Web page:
From then on, by reason of the fight for Catholicism that he would never again abandon, he would be in frequent contact with the successive popes, Pius IX and Leo XIII. Continuing on to Constantinople was obviously out of the question and upon his return to Paris where the political situation was not very clear, he reunited with his friends from before, from his Bohemian lifestyle, from the Ministry and from the press, but all in a very different perspective. He wrote his first article in L’Univers Religieux, founded by Fr. Migne.

In 1841 came the Algerian episode, when he accompanied Bugeaud, who had been nominated governor general of the country, to Algiers, while remaining in close contact with Guizot. While there, observant as he was, he made the same remarks as General Lyautey and Charles de Foucauld several years later:

“So long as the Arabs are not Christian, they will not be French, and so long as they are not French, no governor, no army will be able to guarantee lasting peace. And they will not be Christian so long as we do not know how to be Christian ourselves.”

This vision was prophetic and would soon come true. He added, “France is devoting prodigy after prodigy of her ancient courage to conquer an infidel kingdom, but she only thinks of winning it over to her trading counters and does not wish to win it over to her God.”

He quickly grew tired of the fights in which he participated, and having little interest for material or honorary profit, he asked to return to France, where he showed up “black as a cauldron” and “looking ten years older.”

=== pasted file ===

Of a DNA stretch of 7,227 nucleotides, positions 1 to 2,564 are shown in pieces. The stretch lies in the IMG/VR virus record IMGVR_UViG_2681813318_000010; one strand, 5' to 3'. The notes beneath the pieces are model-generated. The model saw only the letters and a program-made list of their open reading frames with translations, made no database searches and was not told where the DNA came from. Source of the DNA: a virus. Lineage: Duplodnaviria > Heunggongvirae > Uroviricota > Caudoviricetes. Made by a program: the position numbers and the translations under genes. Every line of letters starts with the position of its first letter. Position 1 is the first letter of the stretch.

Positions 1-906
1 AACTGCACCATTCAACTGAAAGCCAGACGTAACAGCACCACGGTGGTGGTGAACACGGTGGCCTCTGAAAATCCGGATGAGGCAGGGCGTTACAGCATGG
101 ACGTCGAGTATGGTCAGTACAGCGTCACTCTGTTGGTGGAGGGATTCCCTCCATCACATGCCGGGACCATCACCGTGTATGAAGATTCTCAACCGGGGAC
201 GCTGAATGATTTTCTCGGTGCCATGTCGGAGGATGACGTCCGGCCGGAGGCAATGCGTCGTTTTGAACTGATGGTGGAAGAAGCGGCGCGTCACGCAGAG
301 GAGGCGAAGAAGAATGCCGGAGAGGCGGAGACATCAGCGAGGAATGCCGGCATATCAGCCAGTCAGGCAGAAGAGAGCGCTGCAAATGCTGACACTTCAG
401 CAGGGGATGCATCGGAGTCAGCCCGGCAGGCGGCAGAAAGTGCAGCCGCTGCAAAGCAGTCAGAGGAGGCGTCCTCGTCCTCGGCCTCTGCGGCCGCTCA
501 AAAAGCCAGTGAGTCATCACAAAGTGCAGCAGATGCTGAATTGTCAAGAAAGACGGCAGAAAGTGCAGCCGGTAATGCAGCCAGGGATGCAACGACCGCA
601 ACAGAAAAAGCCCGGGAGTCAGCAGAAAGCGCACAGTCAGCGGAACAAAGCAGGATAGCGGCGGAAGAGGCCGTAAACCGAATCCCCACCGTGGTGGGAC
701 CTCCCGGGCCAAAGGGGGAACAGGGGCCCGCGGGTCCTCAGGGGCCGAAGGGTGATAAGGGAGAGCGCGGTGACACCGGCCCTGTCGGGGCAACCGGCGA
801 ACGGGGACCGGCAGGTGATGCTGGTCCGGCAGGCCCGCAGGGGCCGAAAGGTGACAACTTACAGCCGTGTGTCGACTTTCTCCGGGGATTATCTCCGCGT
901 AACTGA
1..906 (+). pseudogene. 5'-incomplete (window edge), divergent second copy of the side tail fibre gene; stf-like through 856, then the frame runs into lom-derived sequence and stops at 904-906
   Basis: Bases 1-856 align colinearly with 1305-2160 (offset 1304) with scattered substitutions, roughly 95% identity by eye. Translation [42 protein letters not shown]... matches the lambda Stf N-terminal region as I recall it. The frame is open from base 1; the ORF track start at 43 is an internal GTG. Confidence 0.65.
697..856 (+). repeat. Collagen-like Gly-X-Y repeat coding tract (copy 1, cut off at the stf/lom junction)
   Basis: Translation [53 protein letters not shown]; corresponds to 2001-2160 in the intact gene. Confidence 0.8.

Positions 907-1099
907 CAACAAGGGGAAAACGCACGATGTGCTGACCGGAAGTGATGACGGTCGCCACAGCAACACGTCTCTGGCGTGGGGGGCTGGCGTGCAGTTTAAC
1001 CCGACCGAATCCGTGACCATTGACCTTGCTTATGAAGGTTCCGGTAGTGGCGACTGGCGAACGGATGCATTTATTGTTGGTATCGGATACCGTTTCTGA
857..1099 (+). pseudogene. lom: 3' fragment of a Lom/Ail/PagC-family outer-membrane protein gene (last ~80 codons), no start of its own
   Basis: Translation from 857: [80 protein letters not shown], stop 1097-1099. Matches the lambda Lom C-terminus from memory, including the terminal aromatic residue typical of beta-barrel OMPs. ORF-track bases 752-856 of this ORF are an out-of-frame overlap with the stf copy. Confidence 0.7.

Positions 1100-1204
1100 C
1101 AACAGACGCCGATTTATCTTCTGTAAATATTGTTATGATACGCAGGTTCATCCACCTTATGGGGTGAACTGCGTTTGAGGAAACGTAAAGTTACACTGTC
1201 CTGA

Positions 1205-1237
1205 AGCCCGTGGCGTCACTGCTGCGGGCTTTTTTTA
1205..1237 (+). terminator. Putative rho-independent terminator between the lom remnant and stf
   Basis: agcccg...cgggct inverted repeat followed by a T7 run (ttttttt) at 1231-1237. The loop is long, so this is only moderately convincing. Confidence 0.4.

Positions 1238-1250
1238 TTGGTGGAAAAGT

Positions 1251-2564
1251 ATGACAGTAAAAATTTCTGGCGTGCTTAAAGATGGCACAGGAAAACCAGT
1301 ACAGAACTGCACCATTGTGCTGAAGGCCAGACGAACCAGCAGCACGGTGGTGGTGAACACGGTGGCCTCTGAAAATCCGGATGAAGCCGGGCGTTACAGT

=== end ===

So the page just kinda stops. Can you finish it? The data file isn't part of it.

He remained on perfectly friendly terms with Guizot, who offered to send him back to Algiers so he could have him by his side when he visited there, as a sort of ambassador. But it took time and Veuillot was far more interested in the development of the Catholic press, even though it paid very little, and he had taken his two young sisters under his care and had been progressively paying off his debts ever since his conversion.

Louis Veuillot refused any government aid for the Catholic press in order to be sure it would remain entirely independent; he also refused any political ties, which immediately made him the target of the enemies of God and of a certain middle class, the liberals, and the fearful; but he did not care.

In the midst of the most venomous and painful attacks from his colleagues and many of the people indebted to him, he always remained on the same path that he had chosen once and for all. And regardless of the attacks, with Veuillot’s pen and signature, L’Univers went from 1,600 to 6,000 subscriptions.

Louis and Eugène Veuillot worked together at L’Univers from 1842 on. They completed each other marvelously. Said Louis Veuillot:

“We are still the two brothers who went to school together, carrying their things in the same basket, with the same adversaries, the same problems, the same worries, the same fortune and the same pleasures.”

His newspaper was forbidden by Napoleon III in 1860 for having published Pius IX’s encyclical against his political actions in Italy. It resurfaced in 1867. In 1871, the Commune suppressed it again. The newspaper was thus eclipsed for political and religious reasons, because of its disagreements with the government of the time.

In 1841, in the midst of all this political disturbance, Veuillot was thinking of getting married, but he was in no hurry, for, as he said, “When I am bothered, I pray, I work, and everything goes away. Once I am married, if my wife bothers me, she will not go away. The poor woman will certainly need a great deal of patience.”

The following year, he wrote to Fr. Morisseau de Tours, “If you know of a good girl who is very pious, very gentle, simple, healthy, who can play me a little music and has enough to feed us, that is all I need.” For with his sisters in boarding school, Eugène in Angiers and their mother remarried to the coalman Antoine, he was lonely. In 1845, “I got married at the age of 32, a bit by coincidence, like everybody. Two priests had arranged it all with the parents of Mathilde Murcier, of the lower middle class of Versailles, very simple Christians. They told me this marriage would suit me. I did as they said…”